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Professional Development

Tips and How-Tos for Writing Effective Transactional Agreements

Kelly M Hayes

Tips and How-Tos for Writing Effective Transactional Agreements
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Legal writing is an understated art contributing to advocacy. We asked five different attorneys to provide recommended strategies for advocating through legal writing in various areas and stages of the law. 

This is the second part of a five-part series.

Understanding your client’s goals and having efficient resources will help you effectively draft transactional agreements and help you limit potential issues for you and your client down the road.

Checklists Are Your Friend

Keep checklists for specific client situations (e.g., entity formation, drafting agreements). Keep a running list of information and materials you’ll need from your clients to determine their best path forward. Revise this list accordingly when needed. When creating a checklist, consider the following questions: How many parties are involved? Any key points? Are there any conditions? If forming a company, how many owners and what are they contributing? Are spousal consents needed? What is the client’s end goal?

Write the First Draft

As your client’s attorney, you should know best what your client’s obligations are, the timing of critical milestones, and the documents or information needed to close the deal. Though it can’t always be done, it’s beneficial for you to be the attorney writing the first draft in any transactional agreement. This puts you in a better position to negotiate opposing counsel’s proposed revisions.

Know Your Client’s Goals

Understanding your client’s role in a company and their goals for their business is key to any agreement when assisting your clients in the long run. For instance, when a client is looking to form an entity, they’re not usually thinking how certain situations could impact them months or years from now (e.g., bringing in additional investors). It is essential for you to think ahead. Proper language in the bylaws or operating agreements should cover the transfer of ownership, expansion, or purchasing another owner’s shares or leaving a beneficial or economic interest in a trust. Knowing your client’s goals, clarifying the deal’s structure, and understanding key terms will help you and your client avoid headaches down the road.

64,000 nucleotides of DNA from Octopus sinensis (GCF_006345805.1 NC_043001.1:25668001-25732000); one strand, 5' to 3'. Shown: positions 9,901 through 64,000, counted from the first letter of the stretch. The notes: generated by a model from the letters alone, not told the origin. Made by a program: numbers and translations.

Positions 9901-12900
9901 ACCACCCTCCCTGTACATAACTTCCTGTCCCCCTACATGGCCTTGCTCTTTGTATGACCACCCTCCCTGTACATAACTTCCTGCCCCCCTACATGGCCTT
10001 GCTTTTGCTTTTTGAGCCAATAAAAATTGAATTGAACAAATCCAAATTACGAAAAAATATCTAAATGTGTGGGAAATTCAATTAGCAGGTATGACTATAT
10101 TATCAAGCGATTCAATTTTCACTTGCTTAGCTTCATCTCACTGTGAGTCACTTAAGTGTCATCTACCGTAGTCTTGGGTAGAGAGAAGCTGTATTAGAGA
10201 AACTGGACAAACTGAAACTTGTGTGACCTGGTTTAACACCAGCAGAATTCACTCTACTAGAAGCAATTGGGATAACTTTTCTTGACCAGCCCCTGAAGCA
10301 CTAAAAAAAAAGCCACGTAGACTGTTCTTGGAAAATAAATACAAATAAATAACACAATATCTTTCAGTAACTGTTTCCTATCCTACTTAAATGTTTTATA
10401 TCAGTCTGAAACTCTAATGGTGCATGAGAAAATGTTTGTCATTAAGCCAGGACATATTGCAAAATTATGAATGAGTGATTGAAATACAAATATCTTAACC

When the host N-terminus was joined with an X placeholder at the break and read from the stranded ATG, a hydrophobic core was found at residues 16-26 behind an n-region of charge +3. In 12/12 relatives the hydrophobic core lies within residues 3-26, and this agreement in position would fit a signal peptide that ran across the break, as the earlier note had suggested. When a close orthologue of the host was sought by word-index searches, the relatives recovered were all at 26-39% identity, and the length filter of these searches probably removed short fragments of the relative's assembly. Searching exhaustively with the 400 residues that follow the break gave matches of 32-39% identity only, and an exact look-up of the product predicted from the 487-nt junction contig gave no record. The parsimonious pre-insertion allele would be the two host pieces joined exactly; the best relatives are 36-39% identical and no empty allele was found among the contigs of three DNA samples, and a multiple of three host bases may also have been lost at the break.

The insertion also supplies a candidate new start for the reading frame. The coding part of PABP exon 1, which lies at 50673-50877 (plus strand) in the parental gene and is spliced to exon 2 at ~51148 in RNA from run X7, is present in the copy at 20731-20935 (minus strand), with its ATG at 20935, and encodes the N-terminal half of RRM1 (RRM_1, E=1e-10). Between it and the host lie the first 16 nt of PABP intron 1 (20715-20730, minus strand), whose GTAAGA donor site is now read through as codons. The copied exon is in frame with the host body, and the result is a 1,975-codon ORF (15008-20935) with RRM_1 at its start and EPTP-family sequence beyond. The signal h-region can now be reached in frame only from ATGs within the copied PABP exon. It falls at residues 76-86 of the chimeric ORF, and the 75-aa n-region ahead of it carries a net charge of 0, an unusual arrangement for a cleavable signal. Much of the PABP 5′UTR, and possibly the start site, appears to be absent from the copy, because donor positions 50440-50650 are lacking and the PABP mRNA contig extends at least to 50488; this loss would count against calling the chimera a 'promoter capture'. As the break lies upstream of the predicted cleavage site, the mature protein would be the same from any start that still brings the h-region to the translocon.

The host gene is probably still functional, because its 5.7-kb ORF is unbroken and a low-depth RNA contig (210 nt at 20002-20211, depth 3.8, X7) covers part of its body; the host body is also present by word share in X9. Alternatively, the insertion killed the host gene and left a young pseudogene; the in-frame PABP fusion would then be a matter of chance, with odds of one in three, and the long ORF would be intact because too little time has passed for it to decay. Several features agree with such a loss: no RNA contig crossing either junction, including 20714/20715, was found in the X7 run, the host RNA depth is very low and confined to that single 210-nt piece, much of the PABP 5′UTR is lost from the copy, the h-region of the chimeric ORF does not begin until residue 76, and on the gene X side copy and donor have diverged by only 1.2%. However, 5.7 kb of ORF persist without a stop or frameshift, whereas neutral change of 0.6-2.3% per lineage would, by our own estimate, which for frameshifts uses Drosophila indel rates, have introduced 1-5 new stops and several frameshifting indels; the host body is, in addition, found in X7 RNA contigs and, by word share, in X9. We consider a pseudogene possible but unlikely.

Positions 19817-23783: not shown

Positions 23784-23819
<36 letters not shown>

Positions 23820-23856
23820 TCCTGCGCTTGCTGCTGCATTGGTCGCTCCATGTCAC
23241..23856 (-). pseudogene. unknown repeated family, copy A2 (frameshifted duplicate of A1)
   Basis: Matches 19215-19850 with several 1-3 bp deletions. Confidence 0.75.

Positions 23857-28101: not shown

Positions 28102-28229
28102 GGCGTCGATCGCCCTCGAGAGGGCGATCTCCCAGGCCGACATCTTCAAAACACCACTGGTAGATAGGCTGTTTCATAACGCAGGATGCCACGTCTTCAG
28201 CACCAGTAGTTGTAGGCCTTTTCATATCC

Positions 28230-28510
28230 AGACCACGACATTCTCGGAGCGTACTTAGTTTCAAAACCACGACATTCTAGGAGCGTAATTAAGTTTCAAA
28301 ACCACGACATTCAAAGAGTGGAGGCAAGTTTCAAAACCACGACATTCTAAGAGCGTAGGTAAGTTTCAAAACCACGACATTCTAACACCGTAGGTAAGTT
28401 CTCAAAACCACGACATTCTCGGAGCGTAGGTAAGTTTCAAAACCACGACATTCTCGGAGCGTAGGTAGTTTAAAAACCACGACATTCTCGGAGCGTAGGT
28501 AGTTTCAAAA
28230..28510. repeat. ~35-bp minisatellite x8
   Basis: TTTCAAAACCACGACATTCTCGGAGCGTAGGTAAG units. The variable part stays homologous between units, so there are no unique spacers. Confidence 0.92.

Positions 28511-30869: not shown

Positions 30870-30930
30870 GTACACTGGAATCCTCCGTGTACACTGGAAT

Be Aware of “Templates”

We’ve all had that cost-conscious client asking you to use a “template” to draft their “simple” agreement. Unfortunately, it’s never really that simple. Many clients don’t understand the minutiae involved in their business structures. No client is exactly alike. Even if you have a “template,” it will always need revisions to fit client-specific issues and goals. There will be times when you may need to draft the agreement from scratch—and that’s okay!

Use Your Professional Contacts

Often, the first question you ask a new business client is if they have a certified public accountant or financial advisor. If they do, try to get them on the phone immediately to discuss the client’s goals and business structure. If they don’t, have a list of contacts to give your client. Having a reliable professional can help you and your client save time and money. Additionally, having a list of trusted professionals can lead to client referrals back to you or your firm.